Get access

Effects of antibiotics on hydrogen production and gut symbionts in the Formosan subterranean termite Coptotermes formosanus (Isoptera: Rhinotermitidae)

Authors

  • Yueqing Cao,

    1. College of Bioengineering, Chongqing University, Chongqing, China
    2. Coastal Research & Extension Center, Mississippi State University, Poplarville, MS, USA
    Search for more papers by this author
  • Jian-Zhong Sun,

    1. Coastal Research & Extension Center, Mississippi State University, Poplarville, MS, USA
    2. School of the Environment, Jiangsu University, Zhenjiang, Jiangsu Province, China
    Search for more papers by this author
  • Jose M. Rodriguez

    1. Mississippi State Chemical Laboratory, Petroleum Production Division, Mississippi State University, Starkville, MS, USA
    Search for more papers by this author

Jian-Zhong Sun, School of the Environment, Jiangsu University, Zhenjiang 212013, China. Tel: +86 511 88796122; fax: +86 511 88790955; email: jzsun1002@hotmail.com

Abstract

Abstract  Symbiotic microorganisms that inhabit the gut of Coptotermes formosanus enable this termite to degrade lignocelluloses and further produce hydrogen as an important intermediate to be recycled in its hindgut or as a byproduct to be emitted to the atmosphere. Both symbiotic protists and prokaryotes in the guts of termites demonstrated some different roles with respect to hydrogen production. In this study, the effects of two antibiotics, ampicillin and tetracycline, on hydrogen emission and the gut symbionts of C. formosanus were investigated. Hydrogen emission from termite guts was significantly enhanced when termites fed on wood diets treated with either ampicillin or tetracycline. The greatest H2 emission rates, 2 519 ± 74 and 2 080 ± 377 nmol/h/g body weight, were recorded with the treatments of ampicillin and tetracycline, respectively, which showed 6–7 times more H2 production than that of controls. Antibiotic-treated diets negatively affected the prokaryotic communities and reduced their abundances, particularly on those ectosymbionts inhabiting the gut walls or in the gut fluid of C. formosanus, such as spirochetes. However, no significant reductions in the counts of gut cellulolytic protists, Pseudotrichonympha grassii and Holomastigotoids hartmanni, were recorded; and with a further observation by confocal laser scanning microscopy, the endosymbionts inhabiting P. grassii generally survived the antibiotic treatments. These results suggest that some prokaryotes may serve as the main hydrogen consumers, while P. grassii, together with its endosymbionts, may function as the main contributors for hydrogen production in the hindgut of C. formosanus.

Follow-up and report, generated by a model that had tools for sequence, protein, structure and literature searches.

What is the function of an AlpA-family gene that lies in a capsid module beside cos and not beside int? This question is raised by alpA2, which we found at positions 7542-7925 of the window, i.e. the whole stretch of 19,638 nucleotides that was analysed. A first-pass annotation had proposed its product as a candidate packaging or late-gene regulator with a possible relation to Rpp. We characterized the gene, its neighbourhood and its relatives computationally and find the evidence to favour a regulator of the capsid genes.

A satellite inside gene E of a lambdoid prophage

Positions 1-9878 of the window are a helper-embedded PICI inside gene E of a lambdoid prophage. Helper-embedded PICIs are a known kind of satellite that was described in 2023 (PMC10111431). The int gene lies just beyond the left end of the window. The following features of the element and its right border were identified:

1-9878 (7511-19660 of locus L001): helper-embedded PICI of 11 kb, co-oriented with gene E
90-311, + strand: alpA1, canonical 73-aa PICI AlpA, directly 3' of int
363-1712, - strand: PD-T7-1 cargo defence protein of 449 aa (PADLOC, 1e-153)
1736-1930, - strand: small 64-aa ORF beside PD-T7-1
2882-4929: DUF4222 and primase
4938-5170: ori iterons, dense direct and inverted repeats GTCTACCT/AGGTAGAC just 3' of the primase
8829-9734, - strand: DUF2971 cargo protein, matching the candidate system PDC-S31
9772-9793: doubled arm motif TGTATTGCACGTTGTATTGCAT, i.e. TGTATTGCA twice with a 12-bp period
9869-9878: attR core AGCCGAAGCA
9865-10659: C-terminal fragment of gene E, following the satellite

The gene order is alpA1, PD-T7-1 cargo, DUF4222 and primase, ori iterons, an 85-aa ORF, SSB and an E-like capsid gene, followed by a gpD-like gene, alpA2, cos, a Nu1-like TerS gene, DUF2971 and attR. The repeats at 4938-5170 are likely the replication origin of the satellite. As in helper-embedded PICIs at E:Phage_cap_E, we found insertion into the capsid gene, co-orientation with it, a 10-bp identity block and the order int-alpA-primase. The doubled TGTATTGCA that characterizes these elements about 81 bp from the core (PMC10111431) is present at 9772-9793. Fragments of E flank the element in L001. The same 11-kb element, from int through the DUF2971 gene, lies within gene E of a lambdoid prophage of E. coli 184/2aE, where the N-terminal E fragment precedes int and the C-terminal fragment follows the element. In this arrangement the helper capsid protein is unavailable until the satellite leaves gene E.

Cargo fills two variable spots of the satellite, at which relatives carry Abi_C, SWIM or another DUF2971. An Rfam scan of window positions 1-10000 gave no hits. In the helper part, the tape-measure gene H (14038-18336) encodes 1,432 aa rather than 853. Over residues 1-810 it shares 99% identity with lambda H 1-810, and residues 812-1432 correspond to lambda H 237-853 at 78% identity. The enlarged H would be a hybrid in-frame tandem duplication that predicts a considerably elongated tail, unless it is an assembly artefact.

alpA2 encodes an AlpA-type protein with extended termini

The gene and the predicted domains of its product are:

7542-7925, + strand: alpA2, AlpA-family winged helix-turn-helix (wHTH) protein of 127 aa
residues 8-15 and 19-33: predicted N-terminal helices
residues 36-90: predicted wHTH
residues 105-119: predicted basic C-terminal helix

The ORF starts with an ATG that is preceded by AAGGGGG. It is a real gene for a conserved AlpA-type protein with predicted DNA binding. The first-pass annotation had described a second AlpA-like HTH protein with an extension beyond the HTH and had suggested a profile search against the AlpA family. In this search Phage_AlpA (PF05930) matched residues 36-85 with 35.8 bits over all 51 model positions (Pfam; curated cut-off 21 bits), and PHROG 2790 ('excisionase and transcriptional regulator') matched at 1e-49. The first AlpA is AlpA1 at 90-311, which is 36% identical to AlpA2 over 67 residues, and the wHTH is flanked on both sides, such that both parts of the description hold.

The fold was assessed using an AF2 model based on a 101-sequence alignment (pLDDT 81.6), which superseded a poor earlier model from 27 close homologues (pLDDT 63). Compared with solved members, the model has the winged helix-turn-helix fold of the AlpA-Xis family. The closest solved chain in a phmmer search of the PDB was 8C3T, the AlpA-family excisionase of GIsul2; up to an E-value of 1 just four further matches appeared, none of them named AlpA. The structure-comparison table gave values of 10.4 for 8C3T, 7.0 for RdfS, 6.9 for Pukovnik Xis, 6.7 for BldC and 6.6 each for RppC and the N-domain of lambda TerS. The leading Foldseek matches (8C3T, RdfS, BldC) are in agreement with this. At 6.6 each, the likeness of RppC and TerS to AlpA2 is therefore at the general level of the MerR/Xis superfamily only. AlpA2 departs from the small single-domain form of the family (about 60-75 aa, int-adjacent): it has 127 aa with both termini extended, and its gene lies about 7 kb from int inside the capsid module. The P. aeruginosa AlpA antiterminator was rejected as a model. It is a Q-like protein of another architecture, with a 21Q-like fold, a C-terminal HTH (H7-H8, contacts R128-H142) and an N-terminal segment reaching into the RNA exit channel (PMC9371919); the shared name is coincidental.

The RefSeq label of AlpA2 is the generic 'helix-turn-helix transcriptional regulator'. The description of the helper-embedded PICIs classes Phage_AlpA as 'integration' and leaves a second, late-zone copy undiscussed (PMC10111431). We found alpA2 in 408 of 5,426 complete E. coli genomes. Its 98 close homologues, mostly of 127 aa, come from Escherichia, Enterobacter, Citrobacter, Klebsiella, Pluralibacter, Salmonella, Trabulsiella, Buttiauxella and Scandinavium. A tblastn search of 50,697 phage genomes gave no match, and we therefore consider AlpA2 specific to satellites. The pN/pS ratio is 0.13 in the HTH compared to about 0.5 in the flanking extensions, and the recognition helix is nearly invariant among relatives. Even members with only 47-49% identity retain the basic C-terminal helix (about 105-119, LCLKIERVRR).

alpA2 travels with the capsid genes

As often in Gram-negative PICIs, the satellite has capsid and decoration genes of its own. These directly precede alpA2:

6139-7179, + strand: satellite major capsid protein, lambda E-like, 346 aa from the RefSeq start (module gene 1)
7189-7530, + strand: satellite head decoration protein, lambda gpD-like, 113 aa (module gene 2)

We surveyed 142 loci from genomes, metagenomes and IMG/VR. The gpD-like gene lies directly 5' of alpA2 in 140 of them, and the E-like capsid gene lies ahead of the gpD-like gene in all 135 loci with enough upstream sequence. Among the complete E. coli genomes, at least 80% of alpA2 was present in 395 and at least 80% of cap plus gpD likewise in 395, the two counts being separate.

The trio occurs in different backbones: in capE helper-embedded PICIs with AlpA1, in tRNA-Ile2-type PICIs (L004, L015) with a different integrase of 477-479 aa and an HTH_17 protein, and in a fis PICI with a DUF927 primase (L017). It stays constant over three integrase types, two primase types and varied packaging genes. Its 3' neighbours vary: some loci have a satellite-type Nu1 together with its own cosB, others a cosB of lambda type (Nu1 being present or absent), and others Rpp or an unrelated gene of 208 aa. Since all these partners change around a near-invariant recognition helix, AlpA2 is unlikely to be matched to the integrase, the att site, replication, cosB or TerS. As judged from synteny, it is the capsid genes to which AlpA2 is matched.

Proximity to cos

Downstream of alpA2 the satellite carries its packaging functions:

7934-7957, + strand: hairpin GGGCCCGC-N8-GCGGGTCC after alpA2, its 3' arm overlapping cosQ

Get access to the full text of this article

Ancillary